For years I’ve been telling clients, “You’ve got to have a Facebook presence!” Even in my hypocrisy (I just got my own together a few months ago) I knew there was a fundamental truth to it. You need to keep your business looking current, available, ready to serve — and like it or not, social media is the game that’s played.
You may have noticed that Facebook has a new tool to help you do just that. Now when you add a post to your page, both personal or professional, you can “promote” it for a fee. For just a few dollars, you can be sure that your friends see that cute picture of your puppy. (They base the fees on your number of friends and followers – my latest post would run $7.00 as shown below.) Odd, but not so bad.
The trouble starts to add up if you use Facebook as a key promotional tool for your organization. If you’re a web-traffic dependent business — say a blog or online shop — with a reasonable following on Facebook, you could be looking at hundreds of dollars a day to ensure that you’re getting the same eyeballs that you once did for free. (Recommended reading and analysis here.)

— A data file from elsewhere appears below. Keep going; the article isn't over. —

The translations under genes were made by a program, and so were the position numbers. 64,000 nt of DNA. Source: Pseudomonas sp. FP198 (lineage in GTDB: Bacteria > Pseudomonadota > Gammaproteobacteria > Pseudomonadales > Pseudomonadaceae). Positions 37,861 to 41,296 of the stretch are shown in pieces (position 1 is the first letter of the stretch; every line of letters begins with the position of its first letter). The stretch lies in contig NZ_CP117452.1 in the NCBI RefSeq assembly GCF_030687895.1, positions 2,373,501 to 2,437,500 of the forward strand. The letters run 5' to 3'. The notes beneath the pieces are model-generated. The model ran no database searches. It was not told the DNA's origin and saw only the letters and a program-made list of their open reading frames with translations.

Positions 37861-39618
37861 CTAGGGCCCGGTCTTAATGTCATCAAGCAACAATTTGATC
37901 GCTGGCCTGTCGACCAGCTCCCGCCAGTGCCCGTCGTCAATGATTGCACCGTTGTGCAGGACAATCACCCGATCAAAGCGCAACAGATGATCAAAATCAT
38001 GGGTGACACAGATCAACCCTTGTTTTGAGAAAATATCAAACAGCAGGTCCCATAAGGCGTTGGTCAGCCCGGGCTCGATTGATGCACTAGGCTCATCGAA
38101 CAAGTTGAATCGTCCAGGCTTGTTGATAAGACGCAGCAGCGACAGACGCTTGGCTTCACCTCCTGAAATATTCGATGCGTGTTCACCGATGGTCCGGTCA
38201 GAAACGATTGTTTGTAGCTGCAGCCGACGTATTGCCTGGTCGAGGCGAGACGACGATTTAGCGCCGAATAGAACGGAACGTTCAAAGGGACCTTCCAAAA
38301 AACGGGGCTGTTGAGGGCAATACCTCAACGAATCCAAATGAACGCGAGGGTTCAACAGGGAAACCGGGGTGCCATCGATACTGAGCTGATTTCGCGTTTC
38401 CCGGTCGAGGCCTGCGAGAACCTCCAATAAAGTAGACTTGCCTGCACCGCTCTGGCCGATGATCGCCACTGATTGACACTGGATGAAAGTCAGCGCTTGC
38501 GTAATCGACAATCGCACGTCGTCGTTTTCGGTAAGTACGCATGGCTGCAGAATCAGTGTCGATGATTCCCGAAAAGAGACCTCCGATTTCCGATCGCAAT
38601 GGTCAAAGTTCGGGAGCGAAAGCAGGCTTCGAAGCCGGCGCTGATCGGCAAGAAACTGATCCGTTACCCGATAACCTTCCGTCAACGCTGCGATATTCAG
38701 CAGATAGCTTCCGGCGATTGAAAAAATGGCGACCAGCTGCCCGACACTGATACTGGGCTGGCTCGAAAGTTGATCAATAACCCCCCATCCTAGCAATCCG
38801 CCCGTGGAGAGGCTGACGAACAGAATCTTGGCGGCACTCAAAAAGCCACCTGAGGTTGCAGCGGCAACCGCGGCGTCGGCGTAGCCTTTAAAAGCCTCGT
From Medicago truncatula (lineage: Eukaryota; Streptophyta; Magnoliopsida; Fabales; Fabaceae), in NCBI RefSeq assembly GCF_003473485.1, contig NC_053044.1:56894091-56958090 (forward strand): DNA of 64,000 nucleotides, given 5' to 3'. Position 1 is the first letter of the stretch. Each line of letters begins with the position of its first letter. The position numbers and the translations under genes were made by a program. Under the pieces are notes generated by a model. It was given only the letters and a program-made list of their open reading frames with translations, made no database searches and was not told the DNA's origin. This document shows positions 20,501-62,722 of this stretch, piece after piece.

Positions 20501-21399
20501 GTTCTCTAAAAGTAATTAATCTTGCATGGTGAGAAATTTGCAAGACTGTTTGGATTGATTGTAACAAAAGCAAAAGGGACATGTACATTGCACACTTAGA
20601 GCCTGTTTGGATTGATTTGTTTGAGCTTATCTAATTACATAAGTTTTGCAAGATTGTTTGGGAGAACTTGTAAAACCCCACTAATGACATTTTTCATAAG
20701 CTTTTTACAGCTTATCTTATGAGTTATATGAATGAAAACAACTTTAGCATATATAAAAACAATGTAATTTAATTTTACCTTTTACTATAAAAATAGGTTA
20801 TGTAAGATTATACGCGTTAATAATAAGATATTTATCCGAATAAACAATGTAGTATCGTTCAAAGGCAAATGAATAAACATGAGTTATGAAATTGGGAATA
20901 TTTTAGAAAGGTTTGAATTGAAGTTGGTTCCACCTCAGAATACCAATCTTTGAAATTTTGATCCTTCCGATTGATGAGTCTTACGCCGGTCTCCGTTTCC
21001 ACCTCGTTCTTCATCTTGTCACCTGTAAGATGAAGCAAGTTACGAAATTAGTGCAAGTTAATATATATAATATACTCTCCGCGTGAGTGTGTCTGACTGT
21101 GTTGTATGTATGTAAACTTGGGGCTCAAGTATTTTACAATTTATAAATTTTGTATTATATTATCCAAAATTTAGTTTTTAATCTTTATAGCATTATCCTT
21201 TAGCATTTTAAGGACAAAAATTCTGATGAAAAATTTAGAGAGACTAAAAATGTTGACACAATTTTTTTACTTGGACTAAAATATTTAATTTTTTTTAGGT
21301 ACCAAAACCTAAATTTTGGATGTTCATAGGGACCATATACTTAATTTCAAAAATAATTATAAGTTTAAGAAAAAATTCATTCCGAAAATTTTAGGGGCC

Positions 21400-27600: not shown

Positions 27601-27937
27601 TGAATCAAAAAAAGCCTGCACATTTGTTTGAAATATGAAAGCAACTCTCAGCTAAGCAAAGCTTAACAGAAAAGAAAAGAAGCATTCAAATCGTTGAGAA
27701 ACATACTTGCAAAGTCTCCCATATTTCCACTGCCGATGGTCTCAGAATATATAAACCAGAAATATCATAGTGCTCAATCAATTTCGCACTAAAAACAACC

Just how long and well a Promoted Post is promoted is rather opaque. As is the flip-side: How much worse is it for those poor posts that don’t get propped up by payments? Is there a post purgatory, some limbo-land for the unloved who haven’t been blessed enough to purchase the proper indulgence?
Sure, I understand the math, the need to make some money. There’s fear that comes with a business model lashed to a fickle future. America’s hottest companies — Google, Facebook, Twitter, etc — are peddling promises that they can keep up in a field born of endless revolution. Today is ok, but tomorrow is just vaporware and possibilities. Stressful stuff to present to the shareholders.
So what do do? For now, I’m going to wait it out. Promoted Posts are a new thing, and like all new things that Facebook tries, there will be a backlash and a revamp and eventually some sensible common ground will be reached. Remember Timeline? I hated it, but now it seems perfectly natural. This is just another thing to keep an eye on; I have a hunch it will change.
I must admit, part of me can’t wait to see what pops up in the “sponsored” section of my news feed. Facebook bragging and self-promotion can be tawdry enough. But paying for it? We may be about to discover a brave new level of vanity.
(Image courtesy of Dangerous Minds, who have a few things to say on this issue.)